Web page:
Joe Moore said...

"My attitude has been that of a shark--keep swimming, or I'll drown."

What a great analogy. There's nothing wrong with being a shark. Great Whites have been know to live for a long time.

As far as increasing momentum, I strive for face time. Blog posts, forums, cons, articles, panels, newsletters, websites, workshops, wanted posters--anywhere that someone sees my name (brand) and stores it away for future reference.

But just like you said, at the end of the day, we're all writers. Writers write. And when I'm not writing, I'm thinking about writing. The rest of the day I spend looking for opportunities to chalk up some face time.

Mark Terry said...

I thought I saw Joe Moore's picture at the post office...

Or was it on FOX?

spyscribbler said...

When I clicked through to your post from my reader, I glanced at your "About" description.

Wow, you've done a TON in the last four years!

I'm in the "sacrificing vacations" portion of my career. Man, I feel horribly guilty about that.

JA Konrath said...

Tosh--Funny how we're called 'writers' but it seems we do so little of that.

Daniel--Much successs with Crimespace. I'll drop in later.

PJ--Very true. it seems that longevity and success are often intertwined.

Robert--I wish I'd thought about promotion before my first books old. I hadn't. it would have given me a big head start.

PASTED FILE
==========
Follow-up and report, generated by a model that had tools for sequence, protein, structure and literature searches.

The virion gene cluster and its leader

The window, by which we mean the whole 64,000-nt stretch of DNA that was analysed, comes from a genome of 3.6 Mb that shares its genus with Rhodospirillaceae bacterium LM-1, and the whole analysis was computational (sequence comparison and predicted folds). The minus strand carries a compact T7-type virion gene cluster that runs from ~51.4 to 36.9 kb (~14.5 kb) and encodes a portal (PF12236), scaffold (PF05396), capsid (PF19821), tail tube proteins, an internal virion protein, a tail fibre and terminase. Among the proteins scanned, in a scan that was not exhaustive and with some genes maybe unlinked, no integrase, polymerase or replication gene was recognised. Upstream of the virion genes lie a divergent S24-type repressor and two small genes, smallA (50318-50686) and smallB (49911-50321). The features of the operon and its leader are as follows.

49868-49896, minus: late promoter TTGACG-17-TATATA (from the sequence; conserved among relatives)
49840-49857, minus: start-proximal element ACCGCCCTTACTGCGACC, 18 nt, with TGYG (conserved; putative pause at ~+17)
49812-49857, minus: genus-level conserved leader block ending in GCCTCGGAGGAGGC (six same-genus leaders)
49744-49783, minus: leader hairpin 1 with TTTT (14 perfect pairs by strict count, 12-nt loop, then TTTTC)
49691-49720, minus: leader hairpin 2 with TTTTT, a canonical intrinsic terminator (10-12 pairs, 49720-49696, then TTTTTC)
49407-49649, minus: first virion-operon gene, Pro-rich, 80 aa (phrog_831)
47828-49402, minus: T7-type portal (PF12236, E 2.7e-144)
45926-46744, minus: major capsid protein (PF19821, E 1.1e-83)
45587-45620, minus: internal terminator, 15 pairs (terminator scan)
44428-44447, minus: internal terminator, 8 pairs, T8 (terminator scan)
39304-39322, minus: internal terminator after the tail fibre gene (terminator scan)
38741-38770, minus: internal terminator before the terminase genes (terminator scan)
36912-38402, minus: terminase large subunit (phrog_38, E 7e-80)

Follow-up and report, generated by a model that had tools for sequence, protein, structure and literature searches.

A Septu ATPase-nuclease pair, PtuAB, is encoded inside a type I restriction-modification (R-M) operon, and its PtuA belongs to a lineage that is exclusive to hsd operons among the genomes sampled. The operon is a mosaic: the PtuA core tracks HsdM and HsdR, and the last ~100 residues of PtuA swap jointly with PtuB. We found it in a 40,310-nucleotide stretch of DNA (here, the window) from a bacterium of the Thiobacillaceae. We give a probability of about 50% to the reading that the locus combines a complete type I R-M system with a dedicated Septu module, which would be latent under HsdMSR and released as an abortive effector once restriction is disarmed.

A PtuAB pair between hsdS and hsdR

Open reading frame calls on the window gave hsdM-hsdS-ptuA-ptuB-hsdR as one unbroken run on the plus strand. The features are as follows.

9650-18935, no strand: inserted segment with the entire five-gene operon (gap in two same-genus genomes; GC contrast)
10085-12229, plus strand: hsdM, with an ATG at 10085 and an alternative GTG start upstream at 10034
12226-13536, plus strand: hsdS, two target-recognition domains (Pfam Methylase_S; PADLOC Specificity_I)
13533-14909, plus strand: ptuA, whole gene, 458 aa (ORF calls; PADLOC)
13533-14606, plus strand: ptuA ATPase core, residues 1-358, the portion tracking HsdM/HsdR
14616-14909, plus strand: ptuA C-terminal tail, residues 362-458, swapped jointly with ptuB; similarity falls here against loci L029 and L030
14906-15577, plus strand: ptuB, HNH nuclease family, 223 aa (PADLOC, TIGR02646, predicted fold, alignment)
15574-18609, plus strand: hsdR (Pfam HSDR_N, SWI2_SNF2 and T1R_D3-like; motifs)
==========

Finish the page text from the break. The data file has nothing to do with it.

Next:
Linda--I think that editing can be very creative. It takes a lot of creativity to reinsert all of the lines your editor insisted must be cut. :)

Mark--It's the same with my wife's business. When you reach a certai point, you're working rather than searching for work.

Wayne--I think that there isn't any set point when you're suddenly successful. The hope is that the books continue to sell without the author having to do anything other than write them. I haven't gotten there yet, but I hope to if I survive long enough.

Joe--I do the same thing. But there's also one more thing writers do; piss and moan about the business with their friends. If I'm not writing or promoting, chances are I'm online, or on the phone, or in a bar, complaining about publishing. Or, if not complaining, offering positive solutions to how things can be made better. :)

Jim said...

Momentum is important because publishers are unimpressed with an author if he/she hasn't written the big book book within 5 or 6 titles. The days of being an infinite midlist author are disappearing if not gone. The secret is to break out fast and break out high. Noone can count on a ten year midlist span to build up a fan base. So when you get your chance, give it everything you got while people are still interested enough to watch.

Daniel Hatadi said...

Thanks, Joe. It'd be good to see you round there. The place kinda reminds me of the Mystery Circus.

HipWriterMama said...

This is such an encouraging post. Thanks, I needed that.

Jude Hardin said...

I think you have some stout momentum going, Joe. Now's a good time to take time to...write your ass off and get that breakout book on the page. You're doing exactly the right thing, IMO.

Alexandra Sokoloff said...

You don't just have momentum, baby, you have LOVE.

Do the writing. We miss you but will always be waiting with bated breath.


Stacey Cochran said...

What are you doing to build momentum?

For years, I kept sending out work trying to get published, and no one would publish me. This was the #1 hindrance to momentum.

You could literally wait your entire lifetime, sending out work, and never get published.

Once I decided to self-publish, I finally had a book in hand that I could generate events around.

It took about a year or two to get comfortable knowing what to expect from stores and libraries regarding my self-published books.